The missing fishing boats of the film's first act were directly inspired by what's called the Fukuryu Maru incident, in which a Japanese fishing boat wandered into Pacific waters where the US was testing its newfangled H-bombs. The ship's crew suffered intense radiation burns; one of them died, and I'll wager all of them had their lives shortened.

"I can't believe that Godzilla was the last of his species. If nuclear testing continues, then someday, somewhere in the world, another Godzilla may appear."

This is one of the great monster movies, right up there with 1931's Dracula and Frankenstein. Dim the lights and be afraid, very afraid.

Verdict: BIG YES. 

♦ ♦ ♦ 

Godzilla: King of the Monsters! (1956)
Streaming free at Internet Archive

This is the Godzilla most Americans know. It's the 1954 film (above), but re-cut, re-written, dubbed for American audiences, with 40 minutes subtracted and replaced by Raymond Burr.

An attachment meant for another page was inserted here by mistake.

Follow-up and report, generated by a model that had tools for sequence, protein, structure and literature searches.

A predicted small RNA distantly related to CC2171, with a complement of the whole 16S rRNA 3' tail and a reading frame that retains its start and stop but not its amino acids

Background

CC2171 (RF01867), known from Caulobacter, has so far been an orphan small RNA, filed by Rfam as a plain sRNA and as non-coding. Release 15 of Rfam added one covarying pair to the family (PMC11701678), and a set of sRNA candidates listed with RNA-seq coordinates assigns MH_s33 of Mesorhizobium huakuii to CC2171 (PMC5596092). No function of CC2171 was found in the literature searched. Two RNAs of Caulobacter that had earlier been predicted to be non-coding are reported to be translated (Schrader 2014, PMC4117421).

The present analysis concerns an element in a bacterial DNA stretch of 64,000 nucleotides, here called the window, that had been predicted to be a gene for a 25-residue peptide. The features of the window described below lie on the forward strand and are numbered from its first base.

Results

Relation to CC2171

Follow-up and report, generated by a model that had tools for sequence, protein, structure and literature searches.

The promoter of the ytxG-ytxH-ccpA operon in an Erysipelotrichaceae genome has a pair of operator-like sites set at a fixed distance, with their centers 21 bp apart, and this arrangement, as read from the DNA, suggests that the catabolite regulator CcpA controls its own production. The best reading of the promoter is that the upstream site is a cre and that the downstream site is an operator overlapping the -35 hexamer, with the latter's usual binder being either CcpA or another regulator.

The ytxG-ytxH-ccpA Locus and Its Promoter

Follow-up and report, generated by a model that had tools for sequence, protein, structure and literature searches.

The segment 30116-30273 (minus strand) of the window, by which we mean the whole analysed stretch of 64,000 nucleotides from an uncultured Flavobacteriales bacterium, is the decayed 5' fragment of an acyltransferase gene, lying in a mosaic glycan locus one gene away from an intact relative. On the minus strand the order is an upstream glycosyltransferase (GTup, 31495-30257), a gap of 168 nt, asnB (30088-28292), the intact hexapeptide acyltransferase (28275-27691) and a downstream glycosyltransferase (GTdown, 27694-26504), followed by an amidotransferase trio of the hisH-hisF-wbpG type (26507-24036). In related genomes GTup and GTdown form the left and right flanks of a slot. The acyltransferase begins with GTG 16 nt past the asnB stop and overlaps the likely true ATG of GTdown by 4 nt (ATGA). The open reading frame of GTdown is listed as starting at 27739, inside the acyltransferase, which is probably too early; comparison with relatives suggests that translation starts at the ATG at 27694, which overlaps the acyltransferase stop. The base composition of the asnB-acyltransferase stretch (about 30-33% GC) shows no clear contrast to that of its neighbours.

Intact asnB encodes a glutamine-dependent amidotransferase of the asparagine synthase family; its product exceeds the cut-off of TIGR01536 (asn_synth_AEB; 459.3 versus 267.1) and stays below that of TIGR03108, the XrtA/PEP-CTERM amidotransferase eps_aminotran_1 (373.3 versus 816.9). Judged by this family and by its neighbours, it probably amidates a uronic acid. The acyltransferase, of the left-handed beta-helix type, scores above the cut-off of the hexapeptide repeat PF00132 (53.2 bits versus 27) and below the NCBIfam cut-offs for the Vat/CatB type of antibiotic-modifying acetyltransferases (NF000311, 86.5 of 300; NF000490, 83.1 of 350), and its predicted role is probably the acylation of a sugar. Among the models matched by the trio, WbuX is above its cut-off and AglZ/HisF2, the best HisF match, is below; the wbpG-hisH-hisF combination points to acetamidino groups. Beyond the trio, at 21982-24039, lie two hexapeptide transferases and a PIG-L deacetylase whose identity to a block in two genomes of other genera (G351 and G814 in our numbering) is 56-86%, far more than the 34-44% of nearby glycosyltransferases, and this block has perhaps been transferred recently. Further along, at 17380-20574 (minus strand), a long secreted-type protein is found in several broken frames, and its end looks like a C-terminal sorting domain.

It's Godzilla, lobotomized.

The ominous opening music is gone, all the subtlety and dramatic buildup is gone, and even the Japanese characters who remain are as good as gone, their stories and relationships replaced by Burr's narration of a clip show's worth of exposition and special effects from the original movie.

New actors were hired, not to act, but to stand with their backs to the camera, wearing clothes matching what the Japanese actors wore, and pretend they're talking to Burr, or, more often, listening to Burr.